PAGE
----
Washington’s approach to developing offensive linemen has benefited players like Andrew Kirkland and could soon assist Luke Wattenberg.
Kirkland, a senior, can play multiple positions across the line after spending years learning his craft. Wattenberg, a redshirt freshman, has used his time on campus to try to capitalize on his potential.
The past 10 days, however, have been quite intense for Kirkland and Wattenberg. The Huskies (6-1, 3-1 Pac-12) are without star junior left tackle Trey Adams for the rest of the season. Adams suffered a knee injury in UW’s last game on Oct. 14 against Arizona State. Since then, the Huskies have used practices and film sessions to find Adams’ replacement for their 12:30 p.m. Saturday game against UCLA (4-3, 2-2) at Husky Stadium.
“The first thing (after Adams’ injury) is you’re like, ‘Oh man. That sucks,’ ” Kirkland said. “But it’s kinda the ‘next man up’ mentality and you really focus on if someone goes down, the next person, doesn’t really have too much time to reflect on it.”
Whoever gets the starting nod at left tackle between Kirkland and Wattenberg will be charged with a few tasks.
Protecting quarterback Jake Browning is at the top of the list. At his best, Browning is an accurate passer with menacing legs who can be a pain for opposing defenses.
But as ASU showed, constant pressure can make life difficult for Browning. He completed just 56.7 percent of his passes for 139 yards, zero touchdowns and minus-24 rushing yards.
There’s also a matter of clearing running lanes for tailback Myles Gaskin. He’s rushed 104 times for 626 yards and eight touchdowns but was held without a score against the Sun Devils.
Given the Bruins are the nation’s worst defense against the run, it would be imperative to provide Browning or Gaskin space to operate.
“Mostly this week we’ve been focusing on our mental game and really trying to get the technique and the details really dialed down,” said Kirkland, who filled in for Adams against ASU. “(UW coach Chris Petersen) was talking to us all week about, ‘details, details, details’ and we’ve got good depth on the O-Line.”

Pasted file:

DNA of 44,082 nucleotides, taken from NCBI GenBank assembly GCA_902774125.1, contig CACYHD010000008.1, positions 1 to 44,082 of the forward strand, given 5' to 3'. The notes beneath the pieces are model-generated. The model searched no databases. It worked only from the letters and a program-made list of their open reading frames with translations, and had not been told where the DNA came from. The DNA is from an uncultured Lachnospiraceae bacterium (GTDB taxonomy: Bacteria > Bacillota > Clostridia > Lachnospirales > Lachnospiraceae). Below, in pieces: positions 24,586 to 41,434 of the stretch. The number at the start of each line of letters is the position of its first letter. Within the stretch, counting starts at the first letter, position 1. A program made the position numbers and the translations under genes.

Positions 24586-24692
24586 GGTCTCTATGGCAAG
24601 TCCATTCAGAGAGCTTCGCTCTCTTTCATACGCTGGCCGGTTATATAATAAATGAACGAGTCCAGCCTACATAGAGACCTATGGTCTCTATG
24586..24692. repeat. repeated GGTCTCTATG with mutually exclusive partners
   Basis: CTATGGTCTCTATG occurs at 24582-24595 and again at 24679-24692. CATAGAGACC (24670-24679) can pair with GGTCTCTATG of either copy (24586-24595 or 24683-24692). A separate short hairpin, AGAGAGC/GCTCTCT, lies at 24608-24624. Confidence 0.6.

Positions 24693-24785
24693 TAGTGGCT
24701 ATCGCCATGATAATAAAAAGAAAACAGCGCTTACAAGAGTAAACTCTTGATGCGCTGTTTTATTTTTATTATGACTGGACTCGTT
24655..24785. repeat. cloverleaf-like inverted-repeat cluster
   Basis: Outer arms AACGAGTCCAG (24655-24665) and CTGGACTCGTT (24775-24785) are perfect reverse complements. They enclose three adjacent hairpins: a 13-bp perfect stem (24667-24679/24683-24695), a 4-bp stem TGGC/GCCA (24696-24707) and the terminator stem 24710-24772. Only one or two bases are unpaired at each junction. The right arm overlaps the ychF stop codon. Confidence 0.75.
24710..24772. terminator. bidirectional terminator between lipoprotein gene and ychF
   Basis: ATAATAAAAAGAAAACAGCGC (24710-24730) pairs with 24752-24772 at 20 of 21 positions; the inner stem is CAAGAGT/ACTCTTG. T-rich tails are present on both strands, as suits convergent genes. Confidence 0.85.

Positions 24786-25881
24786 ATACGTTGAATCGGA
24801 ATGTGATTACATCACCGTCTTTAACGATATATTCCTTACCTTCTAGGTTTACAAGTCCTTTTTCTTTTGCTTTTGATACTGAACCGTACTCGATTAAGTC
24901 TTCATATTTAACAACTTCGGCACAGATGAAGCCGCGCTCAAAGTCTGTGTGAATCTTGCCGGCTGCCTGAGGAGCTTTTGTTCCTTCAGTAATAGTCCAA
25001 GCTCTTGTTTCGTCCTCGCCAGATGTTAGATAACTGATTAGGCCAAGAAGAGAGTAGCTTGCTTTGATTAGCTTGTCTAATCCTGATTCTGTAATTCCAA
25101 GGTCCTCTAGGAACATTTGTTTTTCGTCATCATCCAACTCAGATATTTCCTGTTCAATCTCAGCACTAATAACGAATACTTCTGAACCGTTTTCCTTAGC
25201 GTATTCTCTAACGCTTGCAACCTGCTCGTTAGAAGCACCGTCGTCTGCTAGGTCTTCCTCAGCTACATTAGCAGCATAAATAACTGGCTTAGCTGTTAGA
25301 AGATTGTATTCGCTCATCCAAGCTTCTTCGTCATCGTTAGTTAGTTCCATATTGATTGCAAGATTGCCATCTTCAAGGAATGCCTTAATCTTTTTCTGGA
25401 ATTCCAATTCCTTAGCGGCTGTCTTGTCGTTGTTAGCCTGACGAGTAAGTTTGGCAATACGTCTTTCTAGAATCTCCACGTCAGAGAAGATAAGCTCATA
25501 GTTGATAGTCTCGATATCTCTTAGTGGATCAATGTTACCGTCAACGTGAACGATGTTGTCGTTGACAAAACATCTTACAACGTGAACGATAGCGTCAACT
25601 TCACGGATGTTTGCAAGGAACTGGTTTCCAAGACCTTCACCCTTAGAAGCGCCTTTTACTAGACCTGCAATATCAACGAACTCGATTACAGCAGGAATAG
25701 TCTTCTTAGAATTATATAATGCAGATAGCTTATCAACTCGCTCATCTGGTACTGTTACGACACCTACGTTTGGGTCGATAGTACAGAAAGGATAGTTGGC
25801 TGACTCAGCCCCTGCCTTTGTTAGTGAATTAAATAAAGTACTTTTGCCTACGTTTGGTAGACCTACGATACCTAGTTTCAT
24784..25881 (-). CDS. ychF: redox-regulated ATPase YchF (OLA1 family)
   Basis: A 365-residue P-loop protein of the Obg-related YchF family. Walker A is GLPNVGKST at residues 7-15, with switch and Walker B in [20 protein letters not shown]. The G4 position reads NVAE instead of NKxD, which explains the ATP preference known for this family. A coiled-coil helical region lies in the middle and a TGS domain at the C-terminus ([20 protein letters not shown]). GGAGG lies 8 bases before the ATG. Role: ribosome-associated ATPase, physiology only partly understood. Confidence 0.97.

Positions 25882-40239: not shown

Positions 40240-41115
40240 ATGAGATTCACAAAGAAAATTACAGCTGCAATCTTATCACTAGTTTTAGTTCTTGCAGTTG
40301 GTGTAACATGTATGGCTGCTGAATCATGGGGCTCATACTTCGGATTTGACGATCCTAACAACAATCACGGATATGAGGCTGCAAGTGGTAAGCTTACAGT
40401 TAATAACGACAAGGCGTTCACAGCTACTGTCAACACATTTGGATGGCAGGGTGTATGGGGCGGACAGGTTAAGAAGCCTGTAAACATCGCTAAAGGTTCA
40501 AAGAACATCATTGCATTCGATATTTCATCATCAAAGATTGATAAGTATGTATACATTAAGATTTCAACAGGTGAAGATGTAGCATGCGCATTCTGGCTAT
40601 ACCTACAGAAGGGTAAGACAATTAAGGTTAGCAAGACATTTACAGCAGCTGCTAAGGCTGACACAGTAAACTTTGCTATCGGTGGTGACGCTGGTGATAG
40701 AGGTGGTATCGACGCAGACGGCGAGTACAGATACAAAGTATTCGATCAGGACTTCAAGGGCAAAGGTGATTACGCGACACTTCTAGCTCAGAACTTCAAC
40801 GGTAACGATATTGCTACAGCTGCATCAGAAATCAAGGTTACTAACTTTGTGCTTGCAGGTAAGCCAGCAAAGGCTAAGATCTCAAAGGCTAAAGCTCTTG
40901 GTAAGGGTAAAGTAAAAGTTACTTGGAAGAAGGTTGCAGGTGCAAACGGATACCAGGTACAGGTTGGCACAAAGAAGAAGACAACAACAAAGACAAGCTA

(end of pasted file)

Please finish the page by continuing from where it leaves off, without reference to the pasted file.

Huskies offensive line coach Scott Huff said Wednesday the team used the bye week to fix mistakes along the line. The time off also gave Huff and the line a chance to create stronger cohesion while finding Adams’ replacement.
“Every year is a challenge and part of the challenge of that position is next man up,” Huff said. “It’s part of football. We want to certainly correct some of the things we’ve made mistakes on but it’s just been going right back to work and trusting your fundamentals and bringing energy and a mentality.”
The Kirkland-versus-Wattenberg debate presents its own bit of intrigue.
Kirkland, who is 6-foot-4 and 321 pounds, is a former three-star prospect who signed with the Huskies in 2013. The former Portland (Ore.) Jesuit lineman has an edge when it comes to experience. He’s made 12 career starts and has played in 35 games since the 2014 season, according to his official bio.
Wattenberg lacks experience but he does have a tremendous amount of upside. He was rated by Rivals as a four-star recruit and, in 2016, was viewed as the No. 18 offensive tackle in the nation.
Wattenberg was given a redshirt last season and has played in four games this year. Like Kirkland, he stands at 6-4 but is 26 pounds lighter.
It now comes down to who Huff and Petersen feel can be most effective.
Is it the proven veteran? Or do they make a move for the future and trot out the redshirt freshman?
“I think (Wattenberg) has done a nice job,” Petersen said Thursday. “I think both those guys (Kirkland and Wattenberg), you know, those guys are getting great quality (reps). They’ve gotten good reps before but now, they’re a little more meaningful. I think you turn up the intensity. You don’t have to say anything. They just know. It’s been a good week and we’re anxious to go play.”
Ryan S. Clark: @ryan_s_clark